luke kalamar stand-ups…
Combining stand-up with sketch comedy is nothing new if you’ve been a fan of Comedy Central for several years. A few examples of shows with this format were Mind of Mencia, Important Things with Demitri Martin, and Chappelle’s Show. This is why when I first saw commercials for Mash Up boasting a similar style of show, I couldn’t help but think, “Again? How many stand-up comedian lead shows will follow this format?” I decided to give it a shot though because this format has been tweaked as of late with shows like Tosh.0, and that show is currently on its fourth season. If Tosh.0 can take some of the old and breathe new life into it, then perhaps Mash Up can do the same.
The good news is that Mash Up actually succeeds in this. Yes, the show is stand-up mixed with sketch comedy like the commercials said. What makes the show different however is how it is more like Gabriel Iglesias’s Stand-Up Revolution as opposed to the previously mentioned shows. This means that instead of host T.J. Miller (Chelsea Lately, Cloverfield, She’s Out of My League) being the main focus of the program, other comedians are brought in to do their own bits. This episode featured Hannibal Buress (Louie, The Eric Andre Show) and Jared Logan. On top of that, as the comedians are doing their jokes, scenes are show that actually depicts what the comedian is talking about. For example, in this episode Buress talked about his encounter with a crazy woman at a bar in Edinburgh, Scotland. While talking about his experience, scenes were shown that detailed visually Buress meeting this woman and how the encounter went. It was a whole new way of watching stand-up comedy, and it definitely enhanced the experience.
The best part of the entire episode was a sketch comedy segment called “Word Mashup,” which takes three completely unrelated words and puts them together. This episode featured a combination of Bad Boys, BOYZ II MEN, and Men in Black to form Bad BOYZ II MEN In Black. What resulted was a scene about a shootout between two men in suits and two men in bulletproof vests, with both duos singing smooth R&B. Nick Cannon was actually one of the men in the vests. The pure absurdity of the whole situation made this segment shine.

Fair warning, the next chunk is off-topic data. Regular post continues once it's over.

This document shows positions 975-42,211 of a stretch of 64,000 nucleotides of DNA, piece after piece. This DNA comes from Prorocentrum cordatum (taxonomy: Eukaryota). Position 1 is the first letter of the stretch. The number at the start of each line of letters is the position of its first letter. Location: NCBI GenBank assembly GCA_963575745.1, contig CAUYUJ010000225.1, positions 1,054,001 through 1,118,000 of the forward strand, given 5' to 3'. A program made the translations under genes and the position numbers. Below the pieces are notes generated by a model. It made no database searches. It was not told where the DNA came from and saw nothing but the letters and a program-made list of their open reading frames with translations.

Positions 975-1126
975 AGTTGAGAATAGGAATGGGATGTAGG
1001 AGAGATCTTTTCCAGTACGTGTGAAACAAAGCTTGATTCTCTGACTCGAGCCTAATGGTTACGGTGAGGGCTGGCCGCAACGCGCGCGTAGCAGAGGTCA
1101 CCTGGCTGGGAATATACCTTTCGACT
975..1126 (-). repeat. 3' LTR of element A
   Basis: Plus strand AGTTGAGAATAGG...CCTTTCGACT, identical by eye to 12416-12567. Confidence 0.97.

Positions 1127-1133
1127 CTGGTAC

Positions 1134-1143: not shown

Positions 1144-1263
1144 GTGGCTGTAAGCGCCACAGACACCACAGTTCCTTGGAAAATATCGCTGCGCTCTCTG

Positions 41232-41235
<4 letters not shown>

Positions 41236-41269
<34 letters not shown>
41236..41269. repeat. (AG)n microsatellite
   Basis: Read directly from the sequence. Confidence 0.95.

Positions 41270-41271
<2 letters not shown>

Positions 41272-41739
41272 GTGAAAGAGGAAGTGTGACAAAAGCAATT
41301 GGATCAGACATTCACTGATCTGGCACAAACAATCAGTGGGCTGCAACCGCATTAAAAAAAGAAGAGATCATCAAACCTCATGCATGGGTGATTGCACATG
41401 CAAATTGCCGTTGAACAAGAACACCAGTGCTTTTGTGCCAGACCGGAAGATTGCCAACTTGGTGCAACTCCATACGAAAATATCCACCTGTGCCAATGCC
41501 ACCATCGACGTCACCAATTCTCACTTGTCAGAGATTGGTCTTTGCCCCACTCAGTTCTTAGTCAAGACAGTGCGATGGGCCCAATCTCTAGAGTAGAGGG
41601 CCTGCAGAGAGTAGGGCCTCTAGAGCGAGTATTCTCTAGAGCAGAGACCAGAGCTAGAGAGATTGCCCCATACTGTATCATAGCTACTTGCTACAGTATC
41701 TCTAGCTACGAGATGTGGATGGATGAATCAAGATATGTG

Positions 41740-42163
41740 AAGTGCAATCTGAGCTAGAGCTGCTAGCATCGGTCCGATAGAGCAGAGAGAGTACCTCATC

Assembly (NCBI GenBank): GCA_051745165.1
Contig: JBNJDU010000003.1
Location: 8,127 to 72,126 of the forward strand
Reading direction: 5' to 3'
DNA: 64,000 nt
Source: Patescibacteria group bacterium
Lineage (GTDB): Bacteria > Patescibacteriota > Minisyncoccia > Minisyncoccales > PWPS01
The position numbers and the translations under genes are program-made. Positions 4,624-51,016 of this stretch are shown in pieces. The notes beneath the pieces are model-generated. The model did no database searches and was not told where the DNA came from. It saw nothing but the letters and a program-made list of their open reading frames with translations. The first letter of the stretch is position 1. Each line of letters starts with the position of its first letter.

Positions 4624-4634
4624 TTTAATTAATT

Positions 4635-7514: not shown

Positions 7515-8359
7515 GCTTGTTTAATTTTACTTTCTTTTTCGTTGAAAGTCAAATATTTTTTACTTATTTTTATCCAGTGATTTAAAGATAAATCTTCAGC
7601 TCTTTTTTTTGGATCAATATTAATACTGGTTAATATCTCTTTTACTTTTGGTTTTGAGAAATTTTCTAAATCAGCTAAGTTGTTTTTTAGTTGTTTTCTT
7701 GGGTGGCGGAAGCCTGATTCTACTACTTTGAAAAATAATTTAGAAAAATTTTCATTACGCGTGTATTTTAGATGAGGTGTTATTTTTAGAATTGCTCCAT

Despite a newer way of watching stand-up comedy and the very humorous “Word Mashup” sketch, the episode was mainly hit or miss. The remainder of the sketch comedy segments fell flat, with “Exquisite Betrayals with Jared Logan” being the worst, and only some of the stand-up jokes really made me laugh. Considering how much the show features stand-up comedy, “only some” is not a good sign. Buress was easily the funniest comedian of this episode, with his entire bit of being in Scotland standing out. Despite being relatively unknown, Logan also had some good bits of his own.
I’m sad to say that Miller was definitely the weakest stand-up comedian in this episode humor wise. Whenever he was on stage saying some jokes, I found myself waiting for when the next comedian was going to come up. He produced a few chuckles out of me at best. Since he’s on the show more than any other comedian, it definitely brought the quality down. This actually makes the show less desirable to watch again. How am I supposed to get into a show where the host, the one person who is on weekly, is not the funniest person? I hope he gets better in following episodes. If not, I can’t see myself watching this show on a regular basis.
Plus, I found myself liking some jokes because of the accompanying visual sequences and not the joke itself. As previously mentioned, these visual sequences enhanced the stand-up viewing experience. They shouldn’t be used as a crutch for humor though. Unless visual representation is already part of the joke, an extra video shouldn’t make a comedian seem better than they really are. I honestly didn’t laugh at some jokes until the video sequence started.
I also wanted to point out my confusion with the opening sequence and the constant portrayal of people with televisions on their heads. I simply do not understand why this is the imagery the creators have gone with. In the opening sequence, Miller mercilessly attacks television-headed people with various items. Flames and explosions are very prominent as well. I’m not sure if this is supposed to make the show more exciting, but all it does is confuse me. Also, the repeated elements of the show that make it seem like an old-school video game seem out of place. I like how the different comedians are chosen in a type of character select screen, but I don’t see how that relates to the show at all. They’re all about appearance and nothing more, and it just feels unnecessary.
Considering the amount of shows that falter in the first episode but get better soon after, I’m willing to watch future Mash Up episodes. There are plenty of other comedians lined up to be featured and I have no doubt that some real gems can come out. Miller really needs to step up his game though. The other featured comedians should add onto his humor and not completely outshine him. It’s his show after all. Again, I can’t see myself becoming a die-hard Mash Up fan if Miller just can’t deliver regularly.